The New Zealand arm of global consultancy firm PwC is to boost its workforce by a third in the next five years, including a major push to increase its Māori and Pasifika workforce as part of a global strategy shake-up.
Just 7 per cent of its 1700 staff currently identify as Māori or Pasifika - well below the general population's makeup of 16 per cent Māori and 8 per cent Pasifika.
Mark Averill, PwC New Zealand chief executive, said it had made a strong commitment to increasing the ethnic identification across those two groups in particular.
"We are very aware the broader community is at 24 per cent - 16 per cent Māori, 8 per cent Pasifika. We want to make significant progress so that we look more representative of our clients.
"We want to drive it significantly north from the existing level to a lot closer within five years of where we would expect it to be."
Averill said alongside that it was prioritising how to make its people feel culturally confident through its Te Maramatanga programme which helped staff build a better understanding of te ao Māori or the Māori worldview.
Around 700 of its staff had so far been through the programmes which taught them about history and language.
PwC plans to create 500 new roles in New Zealand over the next five years while globally the firm will create 100,000 roles with a US$12 billion investment as part of a strategy called "The New Equation".
Averill said the strategy was a response to the fundamental changes that were happening around the world - including technological disruption, climate change, the fractured geopolitical situation and the Covid-19 pandemic.
"What that means for our clients and our communities is their needs are changing. What we are hearing from them in terms of the key things they want to face and lean into is how do they as organisations build trust, which has become increasingly important in this environment, and then also looking to deliver sustainable outcomes so that their businesses change, position themselves for the future.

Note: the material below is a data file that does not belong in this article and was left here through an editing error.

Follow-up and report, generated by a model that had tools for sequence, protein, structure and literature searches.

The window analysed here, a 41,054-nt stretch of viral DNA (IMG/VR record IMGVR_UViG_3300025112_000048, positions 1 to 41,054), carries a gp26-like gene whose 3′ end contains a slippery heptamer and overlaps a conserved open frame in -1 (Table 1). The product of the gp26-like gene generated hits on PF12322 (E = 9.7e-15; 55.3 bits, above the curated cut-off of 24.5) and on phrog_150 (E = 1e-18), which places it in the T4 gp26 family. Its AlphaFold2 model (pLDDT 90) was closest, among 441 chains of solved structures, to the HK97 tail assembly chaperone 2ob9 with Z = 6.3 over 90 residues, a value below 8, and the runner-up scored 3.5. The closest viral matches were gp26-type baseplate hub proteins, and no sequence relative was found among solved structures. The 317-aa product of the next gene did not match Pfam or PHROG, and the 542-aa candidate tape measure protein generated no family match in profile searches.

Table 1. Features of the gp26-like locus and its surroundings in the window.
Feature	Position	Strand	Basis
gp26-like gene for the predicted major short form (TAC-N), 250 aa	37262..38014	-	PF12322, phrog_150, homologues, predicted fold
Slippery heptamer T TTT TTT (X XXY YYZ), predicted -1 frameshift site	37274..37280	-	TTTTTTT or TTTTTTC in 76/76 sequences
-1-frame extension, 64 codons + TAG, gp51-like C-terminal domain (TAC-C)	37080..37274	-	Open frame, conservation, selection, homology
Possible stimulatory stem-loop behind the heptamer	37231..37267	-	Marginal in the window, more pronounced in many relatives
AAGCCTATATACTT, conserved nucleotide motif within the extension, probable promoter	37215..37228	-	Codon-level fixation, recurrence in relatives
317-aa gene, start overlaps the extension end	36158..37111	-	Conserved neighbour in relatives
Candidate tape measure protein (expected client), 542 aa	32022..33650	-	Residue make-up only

"It is bringing together those two components into what we term as the new equation - which is those two interconnected needs that the clients are facing."
Averill said it would look to develop specialist capability in areas such as ESG (environmental, social and governance), digital transformation and technology alliances, Māori business, infrastructure and health reform.
To help its recruitment drive the company is bringing on board new staff through non-traditional methods - recruiting school leavers and those without tertiary qualifications to come on board with its Ignite programme - an apprenticeship-style scheme.
"It's a particular focus around developing certification and capability and experience that is linked to the key technology alliances."
It has developed an alliance with Microsoft in which workers go through a 12-month programme to get skilled up into key technology areas.
"As they get experience during that 12 month apprenticeship they then continue and have a significant rewarding career within a tech consulting team and we are looking to broaden that out across the business.
"Currently we have got in the first year between 50 and 60 people in the programme."
It was also working with GirlBoss New Zealand to offer training and placements for young women to work with new and emerging technologies.
Averill is also hoping to boost its staff with in-bound secondments from other parts of the PwC network once New Zealand's international border reopens again.
The company has committed to upskilling its existing workforce and will spend $8 million over the next three years on digitally upskilling its workforce.
"We have got a whole programme called Reimagine Digital and within that we have three parts to it."
One was citizen-led - providing the opportunity for people to go into self-development and go on programmes like digital academies and get tooled up.
It also had business-led digital transformation with a specialist team that was looking to automate some of the things it did manually.
PwC was also making a significant investment in tools like Workbench, Data Platform and Digital Labs.
The New Zealand arm was also part of a push to grow the Asia Pacific business with an investment of US$3b over the next five years as part of an ambition to double the size of the business by 2026.
"We are proud to be part of the Asia Pacific region as we look to rebuild following the impact of Covid-19 and face the challenges of climate change, social equity and the digital divide.
"There is a growing expectation that businesses have a role to play in addressing broader
societal issues. Our new strategy is about helping clients address their toughest challenges and delivering for society and the planet."